“I am an eater of sin. We still have a few such in Wales. They put a piece of bread and cheese on the breast of a dead man and when the sin-eater eats it, the sins of the dead are passed into the bread and cheese and the soul of the dead is shrived of them. Ay, ay, but it’s a grave duty, my friend, to take upon your own soul the crime of another. If you are free from sin yourself, you may walk through life a brave creature; but ... I took his sins, sins, the sins of the wickedest composer of our century, God rest his soul. And for the wicked things he put into his symphonies I must march through life playing on this terrible collection of instruments the Tune of Time—” His daughter faced him.
“Father, we must go; you are only keeping the gentleman.” Again she signalled Ferval, but he disregarded her warning. He would not stir. The story and the man who told it, a prophet shorn of his heaven-storming powers, fascinated him.
“I took his sins to myself and they were awful. Once every night I play the Tune of Time in which the wickedness of the dead man is spread out like dry rot in a green field. This man kept his genius so long stagnant that it decayed on his hands, and then into his pestilential music he poured his poison, and would have made the world sick. Oh, for delivery from the crushing transgressions of another! His name? Ah, but that is my secret! I ate his sin, and truth, my son, is stranger than theology! Listen!”
Before his daughter could check him he had hastily donned his armament of instruments and, tramping slowly the broad, smooth path, began playing. Ferval, much disappointed, was about to disappear, for he remembered the racking noises of the previous day. But this music, this Tune of Time!...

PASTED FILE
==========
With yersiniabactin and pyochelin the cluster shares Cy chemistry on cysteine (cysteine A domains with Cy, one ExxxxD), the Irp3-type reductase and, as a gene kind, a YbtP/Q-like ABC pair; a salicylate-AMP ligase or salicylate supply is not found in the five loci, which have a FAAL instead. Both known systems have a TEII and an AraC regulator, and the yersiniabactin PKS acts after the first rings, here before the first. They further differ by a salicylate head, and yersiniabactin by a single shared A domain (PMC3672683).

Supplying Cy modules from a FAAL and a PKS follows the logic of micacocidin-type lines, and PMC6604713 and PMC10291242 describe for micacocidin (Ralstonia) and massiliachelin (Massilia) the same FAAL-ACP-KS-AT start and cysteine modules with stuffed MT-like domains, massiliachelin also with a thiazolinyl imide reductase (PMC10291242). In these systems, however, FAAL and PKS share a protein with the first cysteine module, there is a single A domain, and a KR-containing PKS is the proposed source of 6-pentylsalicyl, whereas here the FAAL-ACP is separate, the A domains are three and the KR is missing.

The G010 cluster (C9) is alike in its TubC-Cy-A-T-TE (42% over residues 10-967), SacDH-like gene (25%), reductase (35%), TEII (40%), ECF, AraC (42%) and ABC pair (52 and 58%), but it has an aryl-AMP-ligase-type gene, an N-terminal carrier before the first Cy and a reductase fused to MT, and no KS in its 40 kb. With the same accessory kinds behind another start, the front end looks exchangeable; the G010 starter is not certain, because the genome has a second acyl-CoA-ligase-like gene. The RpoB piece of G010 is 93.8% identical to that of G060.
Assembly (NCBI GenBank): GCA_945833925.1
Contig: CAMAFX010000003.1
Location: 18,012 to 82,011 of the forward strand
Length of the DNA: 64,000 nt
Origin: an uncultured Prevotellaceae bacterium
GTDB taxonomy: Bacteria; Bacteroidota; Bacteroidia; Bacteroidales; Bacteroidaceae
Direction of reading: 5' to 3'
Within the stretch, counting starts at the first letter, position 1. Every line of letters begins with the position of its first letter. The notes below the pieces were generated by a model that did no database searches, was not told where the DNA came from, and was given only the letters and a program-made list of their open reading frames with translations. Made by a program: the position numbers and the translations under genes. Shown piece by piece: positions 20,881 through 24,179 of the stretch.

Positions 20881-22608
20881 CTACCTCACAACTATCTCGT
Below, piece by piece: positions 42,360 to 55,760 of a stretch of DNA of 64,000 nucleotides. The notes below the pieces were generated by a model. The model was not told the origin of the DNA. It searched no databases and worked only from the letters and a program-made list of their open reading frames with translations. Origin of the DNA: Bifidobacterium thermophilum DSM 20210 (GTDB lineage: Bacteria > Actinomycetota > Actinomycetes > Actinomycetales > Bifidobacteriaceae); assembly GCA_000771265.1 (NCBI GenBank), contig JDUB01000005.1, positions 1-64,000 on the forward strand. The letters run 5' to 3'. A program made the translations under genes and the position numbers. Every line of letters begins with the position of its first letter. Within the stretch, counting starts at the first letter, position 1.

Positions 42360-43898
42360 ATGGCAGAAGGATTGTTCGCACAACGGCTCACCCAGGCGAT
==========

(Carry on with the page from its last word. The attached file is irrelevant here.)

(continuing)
It was like the flare of lightning which illuminates strange regions beyond the borders of the soul. Ferval no longer heard, he felt; he felt no more, he saw. The white veil was torn asunder, and it showed him a melodious thunder-pool wherein tapering tiny bodies swam, whose eyes were the eyes of Debora. They split and coalesced into other creatures, and to the drummings of spheric harmonies resolved themselves scaly and monstrous. Never did they cease changing. As the music buzzed he saw the great ladder of life, the lowermost rungs resting in lakes of melted amber, the top threatening the remotest rims of the universe. And still the Tune of Time whirred on, as facet after facet of the Infinite wheeled toward creation. Numberless legions of crumpled nightmare shapes modulated into new, familiar forms. Ferval saw plasmic dew become anthropoidal apes, fiercely roaming primeval forests in search of prey. The music mounted ever upward, for the Tune of Time is the Tune of Love—love and its inseparable shadow, hate, fashion the firmament. The solid, circular earth shivered like a mighty harp under this lyric burden of love. The very stars sported in their orbits; and from the fulgurating ovens of the Milky Way there shot forth streams of audible light that touched the heart-strings of the hairy, erect primates and set them chanting; thus were the souls born which crowned them men. This space-bridging music ranged from sun to sun, and its supernatural symphony had no beginning and never shall end.